In order to relate Rural Development with SHGs it is essential to find out the meaning of Self help group. Self help groups are a small group of individual who voluntarily come together and form an association for achieving a common objective. The Self Help Groups in India have become the focal point of development schemes under the unified poverty alleviation programme; “Swaranjayanti Gram Swarozgar Yojana” (SGSY) launched by the Government of India in 1999. In the process of self-earning, SHG plays a vital role if all steps are taken consciously and effectively. Thus we find co-relation between SHGs, Women and Rural Development. In order to study influence of SHGs on Rural women the seminar paper entitled, ‘Women in Rural Development through Self Help Groups-A case study on Margherita Development Block’ under the Borgalai G.P. during 2008-2011 has been taken. The research in the remotest areas of North East, Tinsukia District, would enable us to know about actual picture of India in regard to working SHGs, participation of Women and Rural Development. In Margherita development Block the occupation like poultry, goatery, weaving, agriculture farming, tea nursery, tea plantation, piggery, dairy, fishery, ducking etc, are adopted by women folk. Therefore, the study revolves women empowerment through self help groups. Present study will cover functional data of the sample SHGs up to the financial year 2009- 13. In doing so, average of the operational data relating to the four consecutive years of 2009-10, 2010-11, 2011-12, and 2012-2013 would be analyzed to quantify the parameters of functional efficiency of the sample women entrepreneurs. However, in deserving cases five years (up to 2009-13) performance data would also be used e.g. present the trend of sales volume affected by the sample SHGs. The SGSY(NRLM) for rural development was implemented in M.D.B., Tinsukia in 2001. The B.D.O. is the kingpin of the program. The B.D.O. with the help of one Extension Officer (E.O.), one village level worker (V.L.W.) and one Junior Engineer (J.E.) acts as a head and co-ordinator of SGSY(NRLM) implementation. The action plan of SGSY is prepared by the respective Gaon Panchayats (G.P.s) on the basic of capabilities of the people and their choice. The survey of families and the choice of schemes are virtually done by the Gram Sevaks of M.D.B., Tinsukia. After receiving loan application from the beneficiary, it is the duty of the B.D.O. to forward the approved list along with the project report to the Tinsukia District SGSY(NRLM) committee and after finalizing the approved copy, the Tinsukia District SGSY(NRLM) committee has to submit it before Governing body of Tinsukia DRDA for the sanction of the financial assistance. As soon as the loans are sanctioned by the B.D.O. and the Swarozgaries are informed by the bank, the loaner (of Swarozgary) is require to open an account in the bank. The loan sanctioned and the subsidy, sanctioned and released by the DRDA is credited to the loaner’s accounts.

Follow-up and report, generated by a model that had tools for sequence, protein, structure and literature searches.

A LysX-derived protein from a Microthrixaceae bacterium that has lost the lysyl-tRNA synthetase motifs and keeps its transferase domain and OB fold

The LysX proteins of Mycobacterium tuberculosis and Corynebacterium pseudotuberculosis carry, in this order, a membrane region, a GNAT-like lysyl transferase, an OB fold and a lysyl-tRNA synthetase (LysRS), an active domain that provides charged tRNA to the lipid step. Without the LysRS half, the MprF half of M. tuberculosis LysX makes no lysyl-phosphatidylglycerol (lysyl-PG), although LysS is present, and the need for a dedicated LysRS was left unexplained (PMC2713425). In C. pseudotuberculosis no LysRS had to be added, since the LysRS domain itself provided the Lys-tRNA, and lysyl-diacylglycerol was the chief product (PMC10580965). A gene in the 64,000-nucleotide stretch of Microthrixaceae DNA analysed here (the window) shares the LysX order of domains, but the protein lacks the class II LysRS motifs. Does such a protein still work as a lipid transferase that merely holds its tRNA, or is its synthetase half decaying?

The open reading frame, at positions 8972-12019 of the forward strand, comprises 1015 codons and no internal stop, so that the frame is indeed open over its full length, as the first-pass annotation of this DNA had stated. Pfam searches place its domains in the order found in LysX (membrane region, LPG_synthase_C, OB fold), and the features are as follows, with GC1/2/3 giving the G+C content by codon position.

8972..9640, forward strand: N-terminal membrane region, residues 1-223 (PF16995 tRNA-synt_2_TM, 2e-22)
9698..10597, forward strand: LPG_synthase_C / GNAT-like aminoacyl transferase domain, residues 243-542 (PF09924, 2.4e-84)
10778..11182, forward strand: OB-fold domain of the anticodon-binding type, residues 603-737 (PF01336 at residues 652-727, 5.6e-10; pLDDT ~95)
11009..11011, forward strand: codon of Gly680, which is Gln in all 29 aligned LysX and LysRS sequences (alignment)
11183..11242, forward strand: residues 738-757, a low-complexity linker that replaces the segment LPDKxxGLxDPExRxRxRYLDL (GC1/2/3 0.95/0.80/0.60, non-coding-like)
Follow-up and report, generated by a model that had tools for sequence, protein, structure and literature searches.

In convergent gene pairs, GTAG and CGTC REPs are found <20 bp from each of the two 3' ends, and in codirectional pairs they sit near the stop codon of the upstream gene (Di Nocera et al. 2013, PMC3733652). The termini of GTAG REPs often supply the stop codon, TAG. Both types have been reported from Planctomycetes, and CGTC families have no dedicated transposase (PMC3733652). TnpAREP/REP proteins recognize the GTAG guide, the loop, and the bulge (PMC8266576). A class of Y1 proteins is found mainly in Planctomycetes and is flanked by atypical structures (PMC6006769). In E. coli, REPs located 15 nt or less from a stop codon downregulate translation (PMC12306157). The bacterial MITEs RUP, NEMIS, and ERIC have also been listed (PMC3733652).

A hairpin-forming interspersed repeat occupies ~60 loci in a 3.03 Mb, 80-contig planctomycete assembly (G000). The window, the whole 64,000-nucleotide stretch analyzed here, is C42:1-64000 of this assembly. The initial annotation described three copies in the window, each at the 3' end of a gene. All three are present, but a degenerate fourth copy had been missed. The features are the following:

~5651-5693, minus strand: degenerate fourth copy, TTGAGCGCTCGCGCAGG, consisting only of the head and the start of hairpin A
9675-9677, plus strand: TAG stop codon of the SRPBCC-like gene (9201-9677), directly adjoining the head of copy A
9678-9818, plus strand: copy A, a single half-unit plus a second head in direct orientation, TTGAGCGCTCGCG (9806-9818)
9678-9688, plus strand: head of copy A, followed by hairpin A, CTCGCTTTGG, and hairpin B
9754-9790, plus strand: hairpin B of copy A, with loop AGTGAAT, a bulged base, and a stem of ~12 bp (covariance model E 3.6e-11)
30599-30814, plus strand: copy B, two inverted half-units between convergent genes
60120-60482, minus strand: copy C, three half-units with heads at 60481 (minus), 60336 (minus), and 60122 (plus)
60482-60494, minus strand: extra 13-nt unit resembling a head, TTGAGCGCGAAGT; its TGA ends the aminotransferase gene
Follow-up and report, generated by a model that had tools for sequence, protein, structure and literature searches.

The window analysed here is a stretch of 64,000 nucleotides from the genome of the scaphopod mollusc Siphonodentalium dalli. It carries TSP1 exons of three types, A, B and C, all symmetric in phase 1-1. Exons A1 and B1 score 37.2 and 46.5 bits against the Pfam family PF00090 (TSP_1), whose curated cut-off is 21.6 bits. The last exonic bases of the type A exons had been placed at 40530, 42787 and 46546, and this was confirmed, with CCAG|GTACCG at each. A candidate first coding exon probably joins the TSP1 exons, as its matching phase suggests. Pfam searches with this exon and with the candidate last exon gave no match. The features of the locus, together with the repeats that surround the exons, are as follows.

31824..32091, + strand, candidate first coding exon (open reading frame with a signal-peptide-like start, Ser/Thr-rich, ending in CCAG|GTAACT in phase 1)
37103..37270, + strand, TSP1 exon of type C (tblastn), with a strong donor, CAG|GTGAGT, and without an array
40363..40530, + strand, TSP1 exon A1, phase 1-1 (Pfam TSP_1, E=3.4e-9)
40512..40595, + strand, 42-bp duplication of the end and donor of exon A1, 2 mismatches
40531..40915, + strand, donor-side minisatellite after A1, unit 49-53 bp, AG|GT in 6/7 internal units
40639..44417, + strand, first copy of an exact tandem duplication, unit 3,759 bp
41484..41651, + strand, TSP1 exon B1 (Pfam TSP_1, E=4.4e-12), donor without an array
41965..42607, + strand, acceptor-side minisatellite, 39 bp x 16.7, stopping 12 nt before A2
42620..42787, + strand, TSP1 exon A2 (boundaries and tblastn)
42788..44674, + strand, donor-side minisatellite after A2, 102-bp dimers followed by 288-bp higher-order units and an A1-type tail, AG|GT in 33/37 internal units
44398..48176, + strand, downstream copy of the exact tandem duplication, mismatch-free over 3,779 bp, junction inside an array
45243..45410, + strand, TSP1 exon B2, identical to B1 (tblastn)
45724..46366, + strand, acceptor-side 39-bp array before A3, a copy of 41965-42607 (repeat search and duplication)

As per the guidelines implementation of SGSY (NRLM) is on cluster basis. In this regard it is found that loans have been sanctioned for various schemes like Weaving, Piggery, Goatery, Tailoring, Boilering, Duck farming etc. in the study area.

The number and name of self help groups, year of formation, activity, amount of loan and subsidy, name of the bank in Borgaloi Gaon Panchayat area has been shown in the following table 1.1, during the year 2008-2011.

The table shows that various self help groups have been formed in the area of Borgolai G.P. during the year 2008-2011. The members of all the self help groups have 10 members and the membership fees of joining SHGs differ from one group to another group. The membership fees varies from Rs. 30-100 per member of the SHGs. The maximum number of 4 groups take up piggery and goatery. Some of the SHGs concerned with weaving, boilering, duck framing etc. The Groups receive the revolving fund by the Block amounting to Rs. 10,000/- per SHGs and cash credit by the Bank from Rs. 1000-20,000/- per self help group and received the loan 20,000-1,25,000/-. In the Marghertia Development Block all the self help groups received the revolving fund and Bank loan but all the groups did not receive the loan given by the Government. The subsidy fund have been only received by the three self-help groups namely Surajmukhi SHG, Sanjukta SHG and Matri SHG in Borgolai G.P. under the Margherita Development Block. The table also focused that the bank accounts of the SHGs are generally opened in the UBIs (United Book of India). Thus, it is seems that UBIs play an very important role for the implementation of the schemes in Margherita Development Block.